Woodburn Trout Fishery

Woodburn Trout Fishery is located at the foot of the Campsie Fells, at the site of a now defunct reservoir. It lies just above Antermony Loch to the West of Kilsyth.

Woodburn Trout Fishery

View of Woodburn from the lodge end

Finding Woodburn Trout Fishery:

The fishery is relatively straightforward to find being well signposted from the main Kilsyth to Milton of Campsie road ( the A891 off the A803). The track up though is quite long and weaves it’s way up the hill. Its fairly rough but perfectly accessible in a standard family car provided you take your time. There are signs all the way up, so just keep following them! There is a yard with parked lorries and trailers about half way up and it sort of felt like maybe I had gone wrong after I passed the yard entrance- but keep going- it’s fine!

 

 

Access road: Averagefair , with reasonable parking at the fishery. I was informed the fishery owners intend to improve the access road as they are developing the site to incorporate holiday lodges.

Public Transport: Not sure but if you can get a bus to the Antermony Road, perhaps ther eis a Kilsyth to Milton of Campsie service, it would be a long walk to the fishery. A taxi might be a better bet.

Contact: 01360 313086  or 07888 758709

Species: Rainbow, Blue and Brown trout (I think both wild and stocked).

Other Species: Unknown

Size: 12 Acres

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    Details:

    woodburn_panorama

    The fishery is a fairly oval shaped reservoir, with few obvious features. Lying in the lee of the Campsie Hills as it does but for its size , it is very reminiscent of Harviestoun fishery that lies in the shadow of the Ochils. Harviestoun is about a quarter the size though.  The water is very clear, not peaty, and there is an abundance of weed especially at the end nearest the lodge along the dam wall to the boom. Beyond there it’s a lot less weedy. I was informed the fishery is in the process of purchasing equipment to allow removal of excess weed, though clearly the weed provides bountiful natural feeding for the fish. Towards the far end of the dam wall are a series of casting platforms, and there are some on the north side nearer the lodge also. The rest of the fishery has concrete butresses that protrude from the dam and provide a stance from where to fish, though note the bank is steep here and getting fish in and out is easier with a long handled net.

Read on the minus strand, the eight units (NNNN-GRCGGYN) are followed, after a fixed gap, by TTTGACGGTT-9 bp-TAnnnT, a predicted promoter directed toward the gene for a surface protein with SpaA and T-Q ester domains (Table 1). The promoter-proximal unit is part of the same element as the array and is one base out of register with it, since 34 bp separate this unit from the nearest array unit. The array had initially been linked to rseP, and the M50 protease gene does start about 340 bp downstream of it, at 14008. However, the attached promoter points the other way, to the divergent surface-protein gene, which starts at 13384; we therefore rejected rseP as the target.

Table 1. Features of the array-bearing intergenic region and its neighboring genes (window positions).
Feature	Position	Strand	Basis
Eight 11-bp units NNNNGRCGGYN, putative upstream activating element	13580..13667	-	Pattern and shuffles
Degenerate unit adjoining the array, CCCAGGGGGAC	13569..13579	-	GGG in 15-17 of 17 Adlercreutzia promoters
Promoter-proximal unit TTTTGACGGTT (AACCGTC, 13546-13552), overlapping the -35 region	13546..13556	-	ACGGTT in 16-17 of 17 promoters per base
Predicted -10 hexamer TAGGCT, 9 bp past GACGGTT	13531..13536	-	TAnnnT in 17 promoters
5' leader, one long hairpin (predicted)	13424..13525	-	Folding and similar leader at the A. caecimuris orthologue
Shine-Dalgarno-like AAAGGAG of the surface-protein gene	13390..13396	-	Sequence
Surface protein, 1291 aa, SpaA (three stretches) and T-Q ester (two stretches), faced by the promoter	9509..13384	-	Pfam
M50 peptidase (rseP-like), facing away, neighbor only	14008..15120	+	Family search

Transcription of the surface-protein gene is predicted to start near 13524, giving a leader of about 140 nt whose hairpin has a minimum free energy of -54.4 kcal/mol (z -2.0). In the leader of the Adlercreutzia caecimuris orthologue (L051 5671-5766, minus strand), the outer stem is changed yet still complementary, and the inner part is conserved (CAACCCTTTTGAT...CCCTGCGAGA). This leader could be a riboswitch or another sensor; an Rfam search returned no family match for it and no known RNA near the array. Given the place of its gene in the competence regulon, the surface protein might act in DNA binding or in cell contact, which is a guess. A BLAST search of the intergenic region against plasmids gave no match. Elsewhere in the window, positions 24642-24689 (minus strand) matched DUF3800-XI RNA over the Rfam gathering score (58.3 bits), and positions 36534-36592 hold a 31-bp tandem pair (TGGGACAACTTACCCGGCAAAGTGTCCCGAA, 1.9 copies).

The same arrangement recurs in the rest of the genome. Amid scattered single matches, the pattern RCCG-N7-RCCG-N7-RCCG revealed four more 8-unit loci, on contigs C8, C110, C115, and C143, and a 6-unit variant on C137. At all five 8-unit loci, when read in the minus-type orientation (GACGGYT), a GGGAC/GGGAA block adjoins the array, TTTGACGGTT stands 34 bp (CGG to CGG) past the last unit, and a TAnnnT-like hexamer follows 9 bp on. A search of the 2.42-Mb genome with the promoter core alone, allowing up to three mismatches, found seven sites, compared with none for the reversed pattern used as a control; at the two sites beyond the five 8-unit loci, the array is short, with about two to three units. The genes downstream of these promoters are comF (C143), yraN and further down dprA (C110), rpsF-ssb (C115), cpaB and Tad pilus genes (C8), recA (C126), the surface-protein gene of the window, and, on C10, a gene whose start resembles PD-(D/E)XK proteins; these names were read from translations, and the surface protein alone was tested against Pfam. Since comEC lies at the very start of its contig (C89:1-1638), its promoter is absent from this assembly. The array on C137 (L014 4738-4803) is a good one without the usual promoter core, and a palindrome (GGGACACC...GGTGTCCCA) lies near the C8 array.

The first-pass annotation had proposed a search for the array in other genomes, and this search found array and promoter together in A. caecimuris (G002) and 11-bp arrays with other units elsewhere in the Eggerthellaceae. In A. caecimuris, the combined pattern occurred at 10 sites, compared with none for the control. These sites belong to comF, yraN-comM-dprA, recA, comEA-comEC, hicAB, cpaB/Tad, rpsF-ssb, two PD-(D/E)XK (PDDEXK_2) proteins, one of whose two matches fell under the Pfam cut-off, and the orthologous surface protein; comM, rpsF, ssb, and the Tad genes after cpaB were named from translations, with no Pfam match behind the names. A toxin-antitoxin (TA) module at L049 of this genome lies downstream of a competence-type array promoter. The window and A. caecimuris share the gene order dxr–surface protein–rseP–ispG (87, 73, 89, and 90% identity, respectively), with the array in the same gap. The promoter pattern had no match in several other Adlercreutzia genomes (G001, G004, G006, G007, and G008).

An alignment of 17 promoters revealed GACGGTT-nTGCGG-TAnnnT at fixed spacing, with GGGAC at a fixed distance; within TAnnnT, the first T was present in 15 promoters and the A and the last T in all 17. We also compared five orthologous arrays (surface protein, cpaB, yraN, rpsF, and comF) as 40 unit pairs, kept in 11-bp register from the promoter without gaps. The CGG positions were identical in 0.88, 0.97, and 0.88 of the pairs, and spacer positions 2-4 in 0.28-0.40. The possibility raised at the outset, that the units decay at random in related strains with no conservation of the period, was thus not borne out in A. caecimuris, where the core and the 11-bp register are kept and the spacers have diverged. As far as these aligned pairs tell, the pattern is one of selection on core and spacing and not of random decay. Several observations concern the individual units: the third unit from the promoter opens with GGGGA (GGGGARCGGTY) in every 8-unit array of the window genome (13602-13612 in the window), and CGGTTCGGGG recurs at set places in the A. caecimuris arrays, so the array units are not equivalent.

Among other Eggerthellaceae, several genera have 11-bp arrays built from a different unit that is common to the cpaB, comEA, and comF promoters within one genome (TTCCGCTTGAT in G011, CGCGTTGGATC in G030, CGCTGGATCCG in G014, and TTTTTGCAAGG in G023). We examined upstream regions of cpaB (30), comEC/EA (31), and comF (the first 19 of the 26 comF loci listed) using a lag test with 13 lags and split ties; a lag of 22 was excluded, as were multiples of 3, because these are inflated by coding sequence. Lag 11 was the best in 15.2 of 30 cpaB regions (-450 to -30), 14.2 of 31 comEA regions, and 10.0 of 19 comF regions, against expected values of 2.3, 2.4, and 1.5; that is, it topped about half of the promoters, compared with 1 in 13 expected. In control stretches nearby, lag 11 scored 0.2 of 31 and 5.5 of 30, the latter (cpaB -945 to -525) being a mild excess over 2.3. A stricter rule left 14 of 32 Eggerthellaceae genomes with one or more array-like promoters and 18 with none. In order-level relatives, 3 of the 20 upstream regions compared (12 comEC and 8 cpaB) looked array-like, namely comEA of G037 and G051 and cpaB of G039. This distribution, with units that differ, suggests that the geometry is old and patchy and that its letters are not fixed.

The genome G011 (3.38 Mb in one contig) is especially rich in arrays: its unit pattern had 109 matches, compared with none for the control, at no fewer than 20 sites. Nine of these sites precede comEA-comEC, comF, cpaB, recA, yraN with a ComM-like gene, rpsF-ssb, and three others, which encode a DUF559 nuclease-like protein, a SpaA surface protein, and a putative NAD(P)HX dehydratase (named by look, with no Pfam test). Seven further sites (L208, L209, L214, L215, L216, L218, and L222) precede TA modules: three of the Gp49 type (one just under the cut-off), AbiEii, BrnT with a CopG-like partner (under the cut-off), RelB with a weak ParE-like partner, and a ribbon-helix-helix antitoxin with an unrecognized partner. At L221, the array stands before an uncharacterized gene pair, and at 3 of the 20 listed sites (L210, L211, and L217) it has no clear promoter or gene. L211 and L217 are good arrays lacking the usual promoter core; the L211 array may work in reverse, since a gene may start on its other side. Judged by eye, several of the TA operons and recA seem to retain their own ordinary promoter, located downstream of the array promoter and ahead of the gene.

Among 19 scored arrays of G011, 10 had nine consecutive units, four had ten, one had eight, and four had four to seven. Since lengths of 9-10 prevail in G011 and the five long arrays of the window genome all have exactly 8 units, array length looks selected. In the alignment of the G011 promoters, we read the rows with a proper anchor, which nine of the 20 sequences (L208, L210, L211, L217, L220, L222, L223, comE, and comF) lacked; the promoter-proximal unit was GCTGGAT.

Bait pond view

    The Bait pond at Woodburn

    Facilities: Tea and coffee in the “shop”, a small selection of flies is available along with tackle for hire. The lodge is warm and modern and it looks like at busier times than I was visiting on, that hot pies etc. might be available too. There were two rowing boats moored on the loch and these can be used for an extra £5. There are  picnic tables around the loch and a couple of shelters should conditions turn inclement. There is also a small bait pond which is in a more sheltered position below the main loch. I was told that on especially wild days if no bait anglers are about fly fishing is allowed there to get out the wind.